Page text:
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Beyond the riddle

The Spectator

Christopher Booker There is a view, so common that it must be regarded as the implicit orthodoxy of our time (admirably reflected in the recent lecture by Stuart Hampshire on...

Page 16

Horrific and appalling

The Spectator

Jeffrey Bernard One of the most horrific things about people and one that appals me is the way in which they are so easily appalled and horrified. I'm not talking about...

Page 17

The anti-democrats

The Spectator

George Szamuely Why should Britain, with its long tradition Of political stability and where notions of liberty, justice and freedom of the individual have such strong roots,...

Page 20

A chip of literary history

The Spectator

J. D. Scott In 1954,1 was literary editor of the Spectator. The circulation was not behaving as it should, and one day in the autumn, the editor, Walter Taplin, gave the staff...

Page 21

Looking into the future

The Spectator

Nicholas Davenport The budget euphoria did not last long. Nor was it to be expected. Mr Healey's speech was mainly welcomed because it did not contain any further socialism,...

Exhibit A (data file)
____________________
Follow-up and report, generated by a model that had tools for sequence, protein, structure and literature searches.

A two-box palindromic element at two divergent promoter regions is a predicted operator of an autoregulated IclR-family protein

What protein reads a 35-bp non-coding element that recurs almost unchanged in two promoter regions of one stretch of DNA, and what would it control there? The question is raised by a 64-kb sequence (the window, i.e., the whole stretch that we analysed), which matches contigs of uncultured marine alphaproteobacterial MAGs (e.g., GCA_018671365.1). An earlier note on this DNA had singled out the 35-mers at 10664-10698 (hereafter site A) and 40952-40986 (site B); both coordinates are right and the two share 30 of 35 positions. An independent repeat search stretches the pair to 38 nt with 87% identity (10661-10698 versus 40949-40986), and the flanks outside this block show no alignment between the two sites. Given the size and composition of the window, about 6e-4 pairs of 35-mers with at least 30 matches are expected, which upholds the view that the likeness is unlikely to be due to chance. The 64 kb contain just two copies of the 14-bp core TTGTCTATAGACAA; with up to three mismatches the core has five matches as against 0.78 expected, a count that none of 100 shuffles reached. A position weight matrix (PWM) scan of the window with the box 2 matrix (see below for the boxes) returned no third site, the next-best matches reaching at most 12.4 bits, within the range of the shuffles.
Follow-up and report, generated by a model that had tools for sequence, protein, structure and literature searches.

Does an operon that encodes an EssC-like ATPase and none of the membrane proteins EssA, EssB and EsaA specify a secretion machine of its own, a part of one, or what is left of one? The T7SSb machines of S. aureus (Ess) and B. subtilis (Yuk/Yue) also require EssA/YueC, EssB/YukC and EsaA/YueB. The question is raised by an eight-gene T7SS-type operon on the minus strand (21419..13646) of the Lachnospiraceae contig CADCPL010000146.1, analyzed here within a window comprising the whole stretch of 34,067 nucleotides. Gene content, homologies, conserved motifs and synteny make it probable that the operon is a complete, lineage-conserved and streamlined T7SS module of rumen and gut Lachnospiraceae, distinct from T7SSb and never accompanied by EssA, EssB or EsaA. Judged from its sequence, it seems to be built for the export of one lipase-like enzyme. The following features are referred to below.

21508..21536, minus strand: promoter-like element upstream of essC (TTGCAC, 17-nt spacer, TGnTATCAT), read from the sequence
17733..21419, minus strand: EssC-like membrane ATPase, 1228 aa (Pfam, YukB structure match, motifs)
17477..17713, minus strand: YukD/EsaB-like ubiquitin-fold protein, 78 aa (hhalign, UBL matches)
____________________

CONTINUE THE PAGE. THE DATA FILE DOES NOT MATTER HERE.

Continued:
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Understanding Corbusier

The Spectator

Sir: In his letter in defence of Le Corbusier (9 April), Mr Stephen Gardiner expresses two common reactions by modern architects to the popular dislike of their works. First,...

By hand

The Spectator

Sir: I wonder how many of your readers were affected in the same way as I was by Mr Tom Jackson's letter (2 April) under the title 'Unrecognised': Mr Tom Jackson, wellknown to...

Call it off

The Spectator

Sir: I have been mulling over in my mind for the past few weeks the problem of President Amin; and a possible way to keep him from attending the Commonwealth Conference in...

Medical scheme

The Spectator

Sir: The proposals that are floating around about finding the money for the Health Service by having people pay LI for a surgery visit and E2 for a home visit may make economic...

The Scotch The Scotch

The Spectator

Sir: Permit me a reply to my critics. if Robert Burns prefers the word 'Scots' (1"la rl ii Wishart, 2 April) then that is good eno ug for me. If the people of Scotland have...

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The Spectator

A non-U Mitford book Alastair Forbes A Lite of Contrasts Diana Mosley biamish Hamilton £5.50) N early a half-century ago, at one of Lady Cunard's after-opera suppers, 'Lytton...

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Trick or treat

The Spectator